The singularity: which jobs will go?


Pretty interesting paper (pdf).

The abstract:

We examine how susceptible jobs are to computerisation. To assess this, we begin by implementing a novel methodology to estimate the probability of computerisation for 702 detailed occupations, using a Gaussian process classifier. Based on these estimates, we examine expected impacts of future computerisation on US labour market outcomes, with the primary objective of analysing the number of jobs at risk and the relationship between an occupation’s probability of computerisation, wages and educational attainment. According to our estimates, about 47 percent of total US employment is at risk. We further provide evidence that wages and educational attainment exhibit a strong negative relationship with an occupation’s probability of computerisation.

The last paragraph of the conclusion.

Finally, we provide evidence that wages and educational attainment exhibit a strong negative relationship with the probability of computerisation. We note that this finding implies a discontinuity between the nineteenth, twentieth and the twenty-first century, in the impact of capital deepening on the relative demand for skilled labour. While nineteenth century manufacturing technologies largely substituted for skilled labour through the simplification of tasks (Braverman, 1974; Hounshell, 1985; James and Skinner, 1985; Goldin and Katz, 1998), the Computer Revolution of the twentieth century caused a hollowing-out of middle-income jobs (Goos, et al., 2009; Autor and Dorn, 2013). Our model predicts a truncation in the current trend towards labour market polarisation, with computerisation being principally confined to low-skill and low-wage occupations. Our findings thus imply that as technology races ahead, low-skill workers will reallocate to tasks that are non-susceptible to computerisation – i.e., tasks requiring creative and social intelligence. For workers to win the race, however, they will have to acquire creative and social skills.

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5 Responses to The singularity: which jobs will go?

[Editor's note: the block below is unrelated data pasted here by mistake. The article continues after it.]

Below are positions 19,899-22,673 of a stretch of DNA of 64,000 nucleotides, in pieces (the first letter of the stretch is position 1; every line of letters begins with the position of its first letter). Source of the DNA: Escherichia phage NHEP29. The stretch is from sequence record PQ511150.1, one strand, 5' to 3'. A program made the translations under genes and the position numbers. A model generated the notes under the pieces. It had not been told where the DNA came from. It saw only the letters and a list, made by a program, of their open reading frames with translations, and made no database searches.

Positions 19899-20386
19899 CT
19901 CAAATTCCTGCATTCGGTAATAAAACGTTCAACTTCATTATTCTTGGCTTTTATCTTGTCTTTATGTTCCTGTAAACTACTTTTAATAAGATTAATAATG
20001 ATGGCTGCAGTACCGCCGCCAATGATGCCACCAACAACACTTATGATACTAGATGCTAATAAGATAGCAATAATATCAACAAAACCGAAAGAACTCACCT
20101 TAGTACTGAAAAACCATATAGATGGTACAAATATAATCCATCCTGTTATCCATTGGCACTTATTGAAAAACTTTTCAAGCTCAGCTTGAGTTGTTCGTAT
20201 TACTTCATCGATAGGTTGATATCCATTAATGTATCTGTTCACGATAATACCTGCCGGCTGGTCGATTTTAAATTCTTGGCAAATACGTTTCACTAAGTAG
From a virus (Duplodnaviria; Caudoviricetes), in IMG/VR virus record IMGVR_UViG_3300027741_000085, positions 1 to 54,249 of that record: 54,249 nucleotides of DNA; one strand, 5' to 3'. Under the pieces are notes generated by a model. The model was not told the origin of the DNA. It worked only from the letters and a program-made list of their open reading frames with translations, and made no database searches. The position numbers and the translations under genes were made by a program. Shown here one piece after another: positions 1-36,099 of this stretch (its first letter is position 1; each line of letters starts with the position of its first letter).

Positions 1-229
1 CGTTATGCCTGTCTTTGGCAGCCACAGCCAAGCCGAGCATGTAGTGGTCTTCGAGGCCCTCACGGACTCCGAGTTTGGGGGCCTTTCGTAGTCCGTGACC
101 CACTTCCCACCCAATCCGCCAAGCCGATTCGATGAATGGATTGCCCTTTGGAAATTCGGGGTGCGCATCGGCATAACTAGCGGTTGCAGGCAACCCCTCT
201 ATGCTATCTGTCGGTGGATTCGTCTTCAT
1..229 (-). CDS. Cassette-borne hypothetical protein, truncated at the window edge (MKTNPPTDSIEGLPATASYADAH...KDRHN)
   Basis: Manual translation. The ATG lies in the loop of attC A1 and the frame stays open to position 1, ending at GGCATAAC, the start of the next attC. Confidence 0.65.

1. meika says:

    Please, someone comment so I can get more context… in the meantime I will actually read the paper.

  2. meika says:

    This was, however, not the result of deskilling technological change. Clerking workers were indeed relatively educated. Rather, it was the result of the supply of educated workers outpacing the demand for their skills, leading educational wage differentials to compress.

    ok, so don’t study coding/programming like UK Year of Code desires, you are better off wearing the right clothes (creative skills) at the best parties (social skills)

    • Patrick says:

      No, do study ‘coding’.

      ‘Computerisation’ will overtake what we now think of as skilled work very quickly. Your ability to deploy your creative and social skills and your multi-factor analytical abilities will depend to an increasing degree on your ability to interact with data and with the outputs of computer programs.

  3. meika says:

    They show that highskilled workers have moved down the occupational ladder, taking on jobs traditionally performed by low-skilled workers, pushing low-skilled workers even further down the occupational ladder and, to some extent, even out of the labour force.

    I work as a part time art labourer, I move things around a museum, I call it a moveum. My team leader has a fine arts PhD, first studied some practical jewellery post-school, my peers have Fine Art degrees, some with metal trade first post-school training. I have Masters of Applied science. Our group boss started as a sign writer and went to a bush rave at the right time. We are labourers with no labourers in sight.

  4. Alex Roberts says:

    Looks like it may happen at the high skill end as well… Watson is set to do cancer treatment management

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